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Steffen K. Rosahl, Gerhard Mark, Martin Herzog, Christos Pantazis, Farnaz Gharabaghi, Cordula Matthies, Thomas Brinker and Madjid Samii

Object. A new generation of penetrating electrodes for auditory brainstem implants is on the verge of being introduced into clinical practice. This study was designed to compare electrically evoked auditory brainstem responses (EABRs) to stimulation of the cochlear nucleus (CN) by microsurgically implanted surface electrodes and insertion electrodes (INSELs) with stimulation areas of identical size.

Methods. Via a lateral suboccipital approach, arrays of surface and penetrating microelectrodes with geometric stimulation areas measuring 4417 µm2 (diameter 75 µm) were placed over and inserted into the CN in 10 adult cats. After recording the auditory brainstem response (ABR) at the mastoid process, the CN, and the level of the inferior colliculus, EABRs to stimulation of the CN were recorded using biphasic, charge-balanced stimuli with phase durations of 80 µsec, 160 µsec, and 240 µsec at a repetition rate of 22.3 Hz. Waveform, threshold, maximum amplitude, and the dynamic range of the responses were compared for surface and penetrating electrodes.

The EABR waveforms that appeared for both types of stimulation resembled each other closely. The mean impedance was slightly lower (30 ± 3.4 kΩ compared with 31.7 ± 4.5 kΩ, at 10 kHz), but the mean EABR threshold was significantly higher (51.8 µA compared with 40.5 µA, t = 3.5, p = 0.002) for surface electrode arrays as opposed to penetrating electrode arrays. Due to lower saturation levels of the INSEL array, dynamic ranges were almost identical between the two types of stimulation. Sectioning of the eighth cranial nerve did not abolish EABRs.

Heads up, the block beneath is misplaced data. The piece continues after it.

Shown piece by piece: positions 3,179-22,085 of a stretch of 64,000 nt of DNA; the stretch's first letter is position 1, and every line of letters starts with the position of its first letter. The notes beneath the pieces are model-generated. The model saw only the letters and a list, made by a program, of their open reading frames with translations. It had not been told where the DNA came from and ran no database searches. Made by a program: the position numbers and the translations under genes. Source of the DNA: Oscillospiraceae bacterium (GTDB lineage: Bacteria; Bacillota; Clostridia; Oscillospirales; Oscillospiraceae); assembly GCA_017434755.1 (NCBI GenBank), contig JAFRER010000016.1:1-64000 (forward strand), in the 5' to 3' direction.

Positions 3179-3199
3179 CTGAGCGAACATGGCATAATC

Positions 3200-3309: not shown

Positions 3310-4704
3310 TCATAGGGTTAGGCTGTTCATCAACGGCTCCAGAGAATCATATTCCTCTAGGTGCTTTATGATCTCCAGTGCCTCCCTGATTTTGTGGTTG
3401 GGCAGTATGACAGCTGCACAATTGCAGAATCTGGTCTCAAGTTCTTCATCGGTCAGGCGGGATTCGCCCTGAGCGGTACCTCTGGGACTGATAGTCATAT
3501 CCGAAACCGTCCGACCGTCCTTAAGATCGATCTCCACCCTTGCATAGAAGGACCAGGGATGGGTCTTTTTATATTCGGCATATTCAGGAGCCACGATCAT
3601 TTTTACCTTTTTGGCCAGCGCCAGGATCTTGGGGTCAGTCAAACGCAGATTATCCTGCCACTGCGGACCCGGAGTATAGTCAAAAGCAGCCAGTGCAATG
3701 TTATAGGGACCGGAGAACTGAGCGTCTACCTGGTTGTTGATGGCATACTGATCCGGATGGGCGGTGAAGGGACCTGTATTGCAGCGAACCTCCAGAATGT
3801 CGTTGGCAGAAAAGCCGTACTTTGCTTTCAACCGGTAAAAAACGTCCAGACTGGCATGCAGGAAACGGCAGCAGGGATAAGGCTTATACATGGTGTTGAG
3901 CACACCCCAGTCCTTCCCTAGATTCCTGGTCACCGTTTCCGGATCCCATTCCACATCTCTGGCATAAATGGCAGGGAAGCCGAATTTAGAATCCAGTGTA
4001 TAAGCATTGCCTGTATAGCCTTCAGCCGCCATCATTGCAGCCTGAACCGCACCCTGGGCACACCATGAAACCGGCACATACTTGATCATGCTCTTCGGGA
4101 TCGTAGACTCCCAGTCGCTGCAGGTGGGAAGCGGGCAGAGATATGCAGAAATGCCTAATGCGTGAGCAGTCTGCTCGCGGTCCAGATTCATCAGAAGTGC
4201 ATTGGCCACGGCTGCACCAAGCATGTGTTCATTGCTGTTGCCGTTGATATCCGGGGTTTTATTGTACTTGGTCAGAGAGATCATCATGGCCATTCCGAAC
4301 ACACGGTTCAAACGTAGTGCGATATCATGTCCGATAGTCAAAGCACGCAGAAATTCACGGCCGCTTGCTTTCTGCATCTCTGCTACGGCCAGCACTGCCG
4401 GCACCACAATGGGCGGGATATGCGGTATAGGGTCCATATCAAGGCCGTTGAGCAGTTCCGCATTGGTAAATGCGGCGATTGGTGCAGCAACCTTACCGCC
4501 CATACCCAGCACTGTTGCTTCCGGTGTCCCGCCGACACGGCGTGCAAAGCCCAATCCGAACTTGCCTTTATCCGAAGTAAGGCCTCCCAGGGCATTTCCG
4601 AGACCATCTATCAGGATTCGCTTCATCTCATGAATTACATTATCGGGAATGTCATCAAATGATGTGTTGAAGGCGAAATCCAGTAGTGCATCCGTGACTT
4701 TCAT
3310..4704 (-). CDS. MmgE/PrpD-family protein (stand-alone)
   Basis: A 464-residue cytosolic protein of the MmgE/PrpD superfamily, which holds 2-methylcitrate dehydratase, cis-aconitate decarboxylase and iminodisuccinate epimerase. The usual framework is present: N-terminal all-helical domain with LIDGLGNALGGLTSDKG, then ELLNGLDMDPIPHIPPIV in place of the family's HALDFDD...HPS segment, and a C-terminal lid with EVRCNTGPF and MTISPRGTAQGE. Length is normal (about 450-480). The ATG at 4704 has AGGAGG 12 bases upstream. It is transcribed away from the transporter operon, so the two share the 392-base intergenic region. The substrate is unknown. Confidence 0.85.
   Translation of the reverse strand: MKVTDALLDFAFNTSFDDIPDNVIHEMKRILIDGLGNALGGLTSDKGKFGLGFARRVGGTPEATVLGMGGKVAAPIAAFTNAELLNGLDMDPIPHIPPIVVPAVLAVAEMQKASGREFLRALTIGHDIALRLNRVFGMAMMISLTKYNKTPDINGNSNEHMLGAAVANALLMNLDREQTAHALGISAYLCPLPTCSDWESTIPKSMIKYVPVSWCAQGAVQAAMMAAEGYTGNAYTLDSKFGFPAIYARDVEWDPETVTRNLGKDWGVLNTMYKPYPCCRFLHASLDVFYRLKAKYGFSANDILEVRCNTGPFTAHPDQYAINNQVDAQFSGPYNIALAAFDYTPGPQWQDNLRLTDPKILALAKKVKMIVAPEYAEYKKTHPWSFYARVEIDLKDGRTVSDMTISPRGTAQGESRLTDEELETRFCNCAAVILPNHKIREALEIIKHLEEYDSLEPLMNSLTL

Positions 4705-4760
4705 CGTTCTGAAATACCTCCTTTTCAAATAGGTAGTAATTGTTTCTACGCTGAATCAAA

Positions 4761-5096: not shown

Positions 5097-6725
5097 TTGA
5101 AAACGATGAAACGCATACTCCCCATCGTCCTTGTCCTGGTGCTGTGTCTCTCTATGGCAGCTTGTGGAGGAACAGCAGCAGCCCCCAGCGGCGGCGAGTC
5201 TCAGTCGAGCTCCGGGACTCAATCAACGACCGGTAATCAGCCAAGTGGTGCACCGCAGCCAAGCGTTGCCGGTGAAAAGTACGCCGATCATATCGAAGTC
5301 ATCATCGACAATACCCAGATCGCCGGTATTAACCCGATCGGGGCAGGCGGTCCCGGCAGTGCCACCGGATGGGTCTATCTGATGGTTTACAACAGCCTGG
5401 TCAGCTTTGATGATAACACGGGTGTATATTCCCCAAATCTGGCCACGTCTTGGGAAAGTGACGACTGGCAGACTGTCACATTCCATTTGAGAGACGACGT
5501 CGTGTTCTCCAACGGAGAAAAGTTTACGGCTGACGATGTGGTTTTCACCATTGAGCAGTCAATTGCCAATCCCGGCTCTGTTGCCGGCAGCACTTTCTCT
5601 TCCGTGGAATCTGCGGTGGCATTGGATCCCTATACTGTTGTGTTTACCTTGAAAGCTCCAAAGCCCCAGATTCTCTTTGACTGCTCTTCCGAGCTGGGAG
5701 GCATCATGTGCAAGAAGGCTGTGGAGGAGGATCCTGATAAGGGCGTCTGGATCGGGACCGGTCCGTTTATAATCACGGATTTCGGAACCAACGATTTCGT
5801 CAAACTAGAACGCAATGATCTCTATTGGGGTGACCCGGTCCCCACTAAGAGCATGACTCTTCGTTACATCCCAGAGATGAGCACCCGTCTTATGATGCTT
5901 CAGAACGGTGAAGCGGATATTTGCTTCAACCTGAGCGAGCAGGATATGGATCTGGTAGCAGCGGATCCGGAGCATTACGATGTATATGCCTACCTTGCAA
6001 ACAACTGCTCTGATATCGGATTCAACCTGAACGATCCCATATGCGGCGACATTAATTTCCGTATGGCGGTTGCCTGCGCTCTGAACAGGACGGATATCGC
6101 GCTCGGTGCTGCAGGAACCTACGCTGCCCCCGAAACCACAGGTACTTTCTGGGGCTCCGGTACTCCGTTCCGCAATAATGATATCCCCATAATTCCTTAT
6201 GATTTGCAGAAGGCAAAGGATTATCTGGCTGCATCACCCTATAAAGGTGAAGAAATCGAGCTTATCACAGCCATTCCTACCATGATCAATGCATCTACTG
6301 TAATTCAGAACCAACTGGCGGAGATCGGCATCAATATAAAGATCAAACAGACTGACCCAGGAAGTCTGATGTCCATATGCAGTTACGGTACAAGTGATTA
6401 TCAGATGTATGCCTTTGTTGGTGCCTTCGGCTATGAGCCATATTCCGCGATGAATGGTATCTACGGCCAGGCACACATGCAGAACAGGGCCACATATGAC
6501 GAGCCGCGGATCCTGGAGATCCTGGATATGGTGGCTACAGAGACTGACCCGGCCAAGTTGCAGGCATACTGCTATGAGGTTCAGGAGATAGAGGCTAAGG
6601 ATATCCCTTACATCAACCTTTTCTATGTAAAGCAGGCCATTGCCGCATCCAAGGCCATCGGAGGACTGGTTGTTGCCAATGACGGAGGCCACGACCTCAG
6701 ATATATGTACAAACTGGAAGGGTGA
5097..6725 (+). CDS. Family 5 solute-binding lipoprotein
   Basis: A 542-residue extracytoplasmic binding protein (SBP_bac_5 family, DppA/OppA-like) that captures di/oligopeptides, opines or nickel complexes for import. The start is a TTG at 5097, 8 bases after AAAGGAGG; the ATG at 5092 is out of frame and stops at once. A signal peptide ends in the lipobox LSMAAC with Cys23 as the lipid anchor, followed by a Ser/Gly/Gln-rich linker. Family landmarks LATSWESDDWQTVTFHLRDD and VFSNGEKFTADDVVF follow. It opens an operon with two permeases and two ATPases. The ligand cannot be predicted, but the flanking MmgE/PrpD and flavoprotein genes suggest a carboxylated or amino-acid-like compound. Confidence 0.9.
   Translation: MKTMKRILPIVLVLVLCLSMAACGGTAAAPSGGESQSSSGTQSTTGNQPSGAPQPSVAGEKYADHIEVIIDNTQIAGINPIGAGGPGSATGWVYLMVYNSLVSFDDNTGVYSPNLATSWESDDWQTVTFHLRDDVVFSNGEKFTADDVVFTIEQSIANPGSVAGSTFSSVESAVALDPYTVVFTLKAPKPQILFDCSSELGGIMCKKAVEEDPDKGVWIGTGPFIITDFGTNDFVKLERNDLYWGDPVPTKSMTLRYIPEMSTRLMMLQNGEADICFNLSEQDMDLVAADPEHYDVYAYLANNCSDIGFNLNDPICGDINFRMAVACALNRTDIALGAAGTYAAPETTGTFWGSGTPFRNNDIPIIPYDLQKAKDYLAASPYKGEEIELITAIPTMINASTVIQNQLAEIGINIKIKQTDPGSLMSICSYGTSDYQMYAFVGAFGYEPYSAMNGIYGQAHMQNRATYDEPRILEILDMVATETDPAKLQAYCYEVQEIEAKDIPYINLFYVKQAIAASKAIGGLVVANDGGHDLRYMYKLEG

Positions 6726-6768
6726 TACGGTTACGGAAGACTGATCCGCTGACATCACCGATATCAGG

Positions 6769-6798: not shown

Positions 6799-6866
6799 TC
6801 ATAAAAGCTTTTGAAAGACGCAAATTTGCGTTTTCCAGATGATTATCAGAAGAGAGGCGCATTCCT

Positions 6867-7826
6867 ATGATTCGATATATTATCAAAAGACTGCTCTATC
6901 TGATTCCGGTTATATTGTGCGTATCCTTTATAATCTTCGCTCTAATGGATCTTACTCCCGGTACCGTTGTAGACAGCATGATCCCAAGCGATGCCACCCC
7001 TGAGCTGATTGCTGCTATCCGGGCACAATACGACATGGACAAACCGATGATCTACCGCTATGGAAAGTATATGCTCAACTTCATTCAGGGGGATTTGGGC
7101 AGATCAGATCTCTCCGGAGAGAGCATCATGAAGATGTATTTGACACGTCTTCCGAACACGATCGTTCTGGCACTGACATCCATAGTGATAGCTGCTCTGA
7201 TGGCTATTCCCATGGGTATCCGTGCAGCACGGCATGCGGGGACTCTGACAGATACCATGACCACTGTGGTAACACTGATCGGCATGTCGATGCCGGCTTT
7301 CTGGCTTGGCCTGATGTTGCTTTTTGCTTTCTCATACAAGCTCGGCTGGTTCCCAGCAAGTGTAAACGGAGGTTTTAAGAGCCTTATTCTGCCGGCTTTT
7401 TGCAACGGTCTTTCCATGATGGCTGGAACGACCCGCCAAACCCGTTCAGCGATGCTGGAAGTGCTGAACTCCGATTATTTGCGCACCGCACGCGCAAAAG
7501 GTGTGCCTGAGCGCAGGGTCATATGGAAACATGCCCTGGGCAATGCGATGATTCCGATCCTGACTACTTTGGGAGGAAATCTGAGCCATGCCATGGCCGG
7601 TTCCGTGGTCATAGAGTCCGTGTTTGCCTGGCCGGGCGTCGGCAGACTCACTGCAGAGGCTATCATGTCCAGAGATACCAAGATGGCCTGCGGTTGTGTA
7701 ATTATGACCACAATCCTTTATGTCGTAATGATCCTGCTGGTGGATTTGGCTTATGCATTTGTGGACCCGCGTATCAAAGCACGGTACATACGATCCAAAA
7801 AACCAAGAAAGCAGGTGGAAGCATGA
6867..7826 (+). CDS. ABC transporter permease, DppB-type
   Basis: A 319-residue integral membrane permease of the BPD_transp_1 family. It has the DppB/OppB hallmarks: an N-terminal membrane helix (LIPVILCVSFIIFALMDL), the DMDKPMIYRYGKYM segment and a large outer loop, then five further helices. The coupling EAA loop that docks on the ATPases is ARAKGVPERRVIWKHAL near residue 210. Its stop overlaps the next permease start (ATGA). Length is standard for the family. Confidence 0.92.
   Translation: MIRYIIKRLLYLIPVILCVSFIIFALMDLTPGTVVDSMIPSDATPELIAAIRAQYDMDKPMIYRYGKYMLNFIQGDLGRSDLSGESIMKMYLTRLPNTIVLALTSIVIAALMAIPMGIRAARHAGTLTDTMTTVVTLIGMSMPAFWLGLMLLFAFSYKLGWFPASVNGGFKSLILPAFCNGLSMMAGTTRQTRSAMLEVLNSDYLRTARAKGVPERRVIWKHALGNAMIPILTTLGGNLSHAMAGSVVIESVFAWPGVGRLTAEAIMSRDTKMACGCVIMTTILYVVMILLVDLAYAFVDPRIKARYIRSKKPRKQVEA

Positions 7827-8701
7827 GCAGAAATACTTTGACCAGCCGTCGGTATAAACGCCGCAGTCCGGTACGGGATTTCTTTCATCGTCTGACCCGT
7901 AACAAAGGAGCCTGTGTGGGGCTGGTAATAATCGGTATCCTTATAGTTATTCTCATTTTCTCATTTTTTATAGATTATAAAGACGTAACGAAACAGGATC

Conclusions. Microsurgical insertion of electrodes into the CN complex may be guided and monitored using techniques similar to those applied for implantation of surface electrodes. Lower thresholds and almost equivalent dynamic ranges indicate that a more direct access to secondary auditory neurons is achieved using penetrating electrodes.

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Petra M. Klinge, Georg Berding, Thomas Brinker, Wolfram H. Knapp and Madjid Samii

Object

In this study the authors use positron emission tomography (PET) to investigate cerebral blood flow (CBF) and cerebrovascular reserve (CVR) in chronic hydrocephalus.

Methods

Ten patients whose mean age was 67 ± 10 years (mean ± standard deviation [SD]) were compared with 10 healthy volunteers who were 25 ±3 years of age. Global CBF and CVR were determined using 15O–H2O and PET prior to shunt placement and 7 days and 7 months thereafter. The CVR was measured using 1 g acetazolamide. Neurological status was assessed based on a score assigned according to the methods of Stein and Langfitt.

Seven months after shunt placement, five patients showed clinical improvement (Group A) and five did not (Group B). The average global CBF before shunt deployment was significantly reduced in comparison with the control group (40 ± 8 compared with 61 ± 7 ml/100 ml/minute; mean ± SD, p < 0.01). In Group A the CBF values were significantly lower than in Group B (36 ± 7 compared with 44 ± 8 ml/100 ml/minute; p < 0.05). The CVR before surgery, however, was not significantly different between groups (Group A = 43 ± 21%, Group B = 37 ± 29%). After shunt placement, there was an increase in the CVR in Group A to 52 ± 37% after 7 days and to 68 ± 47% after 7 months (p < 0.05), whereas in Group B the CVR decreased to 14 ± 18% (p < 0.05) after 7 days and returned to the preoperative level (39 ± 6%) 7 months after shunt placement.

Conclusions

The preliminary results indicate that a reduced baseline CBF before surgery does not indicate a poor prognosis. Baseline CBF before shunt placement and preoperative CVR are not predictive of clinical outcome. A decrease in the CVR early after shunt placement, however, is related to poor late clinical outcome, whereas early improvement in the CVR after shunt placement indicates a good prognosis.